She notes the desire parents have for students to advance quickly and double down on classes, even if they aren’t academically prepared. “It’s easy to kick-the-can down the road (and blame parents)” she says, “but it’s not that easy: this is a reality.”

Rage against the machine

One of Nagaraj’s primary concerns is that this notion of ideal student achievement—perfect standardized test scores, ten AP classes—prevents schools from being able to experiment, particularly with alternative models that value individual progress over content goals.

To an extent, this has been the case at Bullis—though with a twist. Lura, unlike Nagaraj, is skeptical of the potential of online, adaptive programs to personalize learning, believing instead in hands-on, project-based learning. But ironically, she notes, some parents within the school want to see more adaptive software programs used because they can speed up learning—at least on paper.

“Sometimes these computer programs are actually seen as better because they’re helping students go faster,” she says. “Parents sometimes say, ‘My child can move up a level.’ We’re like yes, theoretically, but are they understanding everything? It creates tension.”

The impersonal real world

That tension is something Carmina Mendoza, a bilingual teacher in California’s San Jose Unified School District, is all too familiar with. Carmina has a unique perspective, with experience as a professor, classroom teacher and instructional coach. She has misgivings about the potential for personalized learning to flourish in K-12 schools, but for her the problem is more philosophical. She raises the question: Is it worth personalizing learning in K-12 when the structure of higher education institutions and the workplace rarely allows for it?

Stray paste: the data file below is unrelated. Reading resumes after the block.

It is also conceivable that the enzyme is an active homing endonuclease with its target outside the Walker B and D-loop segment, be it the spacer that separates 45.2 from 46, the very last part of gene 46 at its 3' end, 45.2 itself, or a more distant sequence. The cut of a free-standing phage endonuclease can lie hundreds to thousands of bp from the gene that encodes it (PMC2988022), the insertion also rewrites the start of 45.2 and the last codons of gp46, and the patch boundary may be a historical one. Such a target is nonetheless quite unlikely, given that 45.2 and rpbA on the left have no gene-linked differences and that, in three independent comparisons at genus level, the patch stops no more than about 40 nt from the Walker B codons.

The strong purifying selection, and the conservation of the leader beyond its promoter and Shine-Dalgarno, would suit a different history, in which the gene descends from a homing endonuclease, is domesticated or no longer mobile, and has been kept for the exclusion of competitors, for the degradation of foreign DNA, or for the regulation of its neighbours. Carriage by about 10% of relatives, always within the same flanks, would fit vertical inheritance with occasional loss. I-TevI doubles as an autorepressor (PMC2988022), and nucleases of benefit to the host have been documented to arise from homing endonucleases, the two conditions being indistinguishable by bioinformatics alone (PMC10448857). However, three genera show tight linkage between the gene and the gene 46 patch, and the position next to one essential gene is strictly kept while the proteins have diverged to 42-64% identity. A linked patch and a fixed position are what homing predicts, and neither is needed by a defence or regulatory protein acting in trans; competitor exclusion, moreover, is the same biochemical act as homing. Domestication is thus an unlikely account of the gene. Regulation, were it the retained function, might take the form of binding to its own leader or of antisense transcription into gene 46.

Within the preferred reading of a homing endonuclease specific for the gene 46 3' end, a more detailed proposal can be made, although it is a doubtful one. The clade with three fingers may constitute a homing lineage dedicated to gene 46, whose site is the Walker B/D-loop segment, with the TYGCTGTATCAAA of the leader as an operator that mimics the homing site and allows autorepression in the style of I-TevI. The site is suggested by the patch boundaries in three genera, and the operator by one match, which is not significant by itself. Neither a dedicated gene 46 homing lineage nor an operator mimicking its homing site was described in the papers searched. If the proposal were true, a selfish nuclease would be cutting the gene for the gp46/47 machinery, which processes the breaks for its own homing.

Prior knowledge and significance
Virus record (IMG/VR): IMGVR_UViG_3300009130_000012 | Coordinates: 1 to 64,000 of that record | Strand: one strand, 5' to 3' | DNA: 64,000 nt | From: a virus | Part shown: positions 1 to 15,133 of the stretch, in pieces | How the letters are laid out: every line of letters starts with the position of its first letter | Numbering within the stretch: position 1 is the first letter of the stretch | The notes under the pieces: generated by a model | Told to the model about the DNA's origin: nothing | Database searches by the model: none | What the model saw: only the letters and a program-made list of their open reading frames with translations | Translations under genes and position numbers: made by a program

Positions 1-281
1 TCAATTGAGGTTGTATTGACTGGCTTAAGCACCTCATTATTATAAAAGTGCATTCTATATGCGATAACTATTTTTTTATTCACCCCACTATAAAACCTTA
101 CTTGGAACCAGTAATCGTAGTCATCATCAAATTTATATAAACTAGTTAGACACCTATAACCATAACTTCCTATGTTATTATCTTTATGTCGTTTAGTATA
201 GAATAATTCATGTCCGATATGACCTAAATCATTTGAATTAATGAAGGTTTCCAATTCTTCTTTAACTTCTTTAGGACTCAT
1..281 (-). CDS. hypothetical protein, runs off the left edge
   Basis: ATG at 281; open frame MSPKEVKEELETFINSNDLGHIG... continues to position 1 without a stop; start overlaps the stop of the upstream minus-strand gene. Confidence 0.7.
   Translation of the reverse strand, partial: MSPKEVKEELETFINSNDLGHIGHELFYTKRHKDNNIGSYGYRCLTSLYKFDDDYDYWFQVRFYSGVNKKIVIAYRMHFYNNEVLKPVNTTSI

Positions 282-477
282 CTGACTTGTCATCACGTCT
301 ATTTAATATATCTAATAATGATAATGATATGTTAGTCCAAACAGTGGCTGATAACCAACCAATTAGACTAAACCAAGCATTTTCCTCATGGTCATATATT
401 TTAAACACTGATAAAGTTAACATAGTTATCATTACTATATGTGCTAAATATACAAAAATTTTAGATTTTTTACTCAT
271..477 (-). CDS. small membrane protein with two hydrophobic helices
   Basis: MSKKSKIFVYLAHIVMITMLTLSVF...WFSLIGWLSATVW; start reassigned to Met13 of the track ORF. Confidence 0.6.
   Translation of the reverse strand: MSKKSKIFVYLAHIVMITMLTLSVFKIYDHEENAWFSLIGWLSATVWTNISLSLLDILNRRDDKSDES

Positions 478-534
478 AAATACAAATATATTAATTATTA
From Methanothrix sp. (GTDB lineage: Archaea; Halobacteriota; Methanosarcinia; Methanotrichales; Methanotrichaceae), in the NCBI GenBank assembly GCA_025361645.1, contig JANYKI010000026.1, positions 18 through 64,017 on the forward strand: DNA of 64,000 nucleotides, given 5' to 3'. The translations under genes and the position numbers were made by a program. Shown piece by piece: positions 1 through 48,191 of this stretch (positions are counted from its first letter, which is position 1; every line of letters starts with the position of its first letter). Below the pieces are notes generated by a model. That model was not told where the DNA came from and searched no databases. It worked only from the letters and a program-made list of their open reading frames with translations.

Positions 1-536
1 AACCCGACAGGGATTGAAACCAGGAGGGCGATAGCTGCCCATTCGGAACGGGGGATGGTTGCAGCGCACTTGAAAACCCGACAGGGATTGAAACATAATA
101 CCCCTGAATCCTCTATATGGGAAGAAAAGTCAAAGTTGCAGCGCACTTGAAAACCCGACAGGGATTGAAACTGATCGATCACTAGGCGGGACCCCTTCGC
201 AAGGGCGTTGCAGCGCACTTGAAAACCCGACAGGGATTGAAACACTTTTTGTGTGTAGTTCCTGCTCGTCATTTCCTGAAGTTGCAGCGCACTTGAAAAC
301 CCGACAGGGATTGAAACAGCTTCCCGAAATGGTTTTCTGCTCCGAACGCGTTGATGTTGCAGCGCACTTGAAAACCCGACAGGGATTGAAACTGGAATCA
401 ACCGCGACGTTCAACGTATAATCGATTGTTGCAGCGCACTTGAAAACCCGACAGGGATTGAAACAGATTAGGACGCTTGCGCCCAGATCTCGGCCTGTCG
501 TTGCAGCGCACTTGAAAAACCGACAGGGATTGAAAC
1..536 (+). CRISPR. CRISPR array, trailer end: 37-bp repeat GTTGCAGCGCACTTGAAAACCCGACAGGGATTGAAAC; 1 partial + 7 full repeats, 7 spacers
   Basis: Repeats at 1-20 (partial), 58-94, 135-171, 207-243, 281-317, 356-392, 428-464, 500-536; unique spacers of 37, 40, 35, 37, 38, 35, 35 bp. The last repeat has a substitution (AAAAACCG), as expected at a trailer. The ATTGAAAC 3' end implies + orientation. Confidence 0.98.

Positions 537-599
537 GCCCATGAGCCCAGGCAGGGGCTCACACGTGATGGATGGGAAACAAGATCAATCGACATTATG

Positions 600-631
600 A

Mendoza knows what she’s talking about. She’s taught in 300-person lecture halls and understands that students often select classes based on availability rather than individual passions, particularly at California’s impacted public universities. She also knows one-on-one time with professors is rare. Her main concern is that some student-centered models do not prepare students for the reality of colleges and beyond, because they don’t mirror those structures.

“If we don’t change the structure of higher ed—and the job market—we are not going to change K-12,” Mendoza explains. “Because there isn’t always choice in the real world, we need to be okay with both, with personalization but also getting things done when there’s less choice.”

The structure of college worries Arati as well. “When it comes to personalized learning, I always think, yeah we can implement it here, but what about college?” She points out two roadblocks that don’t seem to be going anywhere: the standardized college admissions process, which in addition to set courses requires the SAT or ACT, and the “old-school” pedagogy— lecture style classes which are the antithesis of progressive or personalized.

So how to fix the problem? Perhaps colleges need to start shaking things up.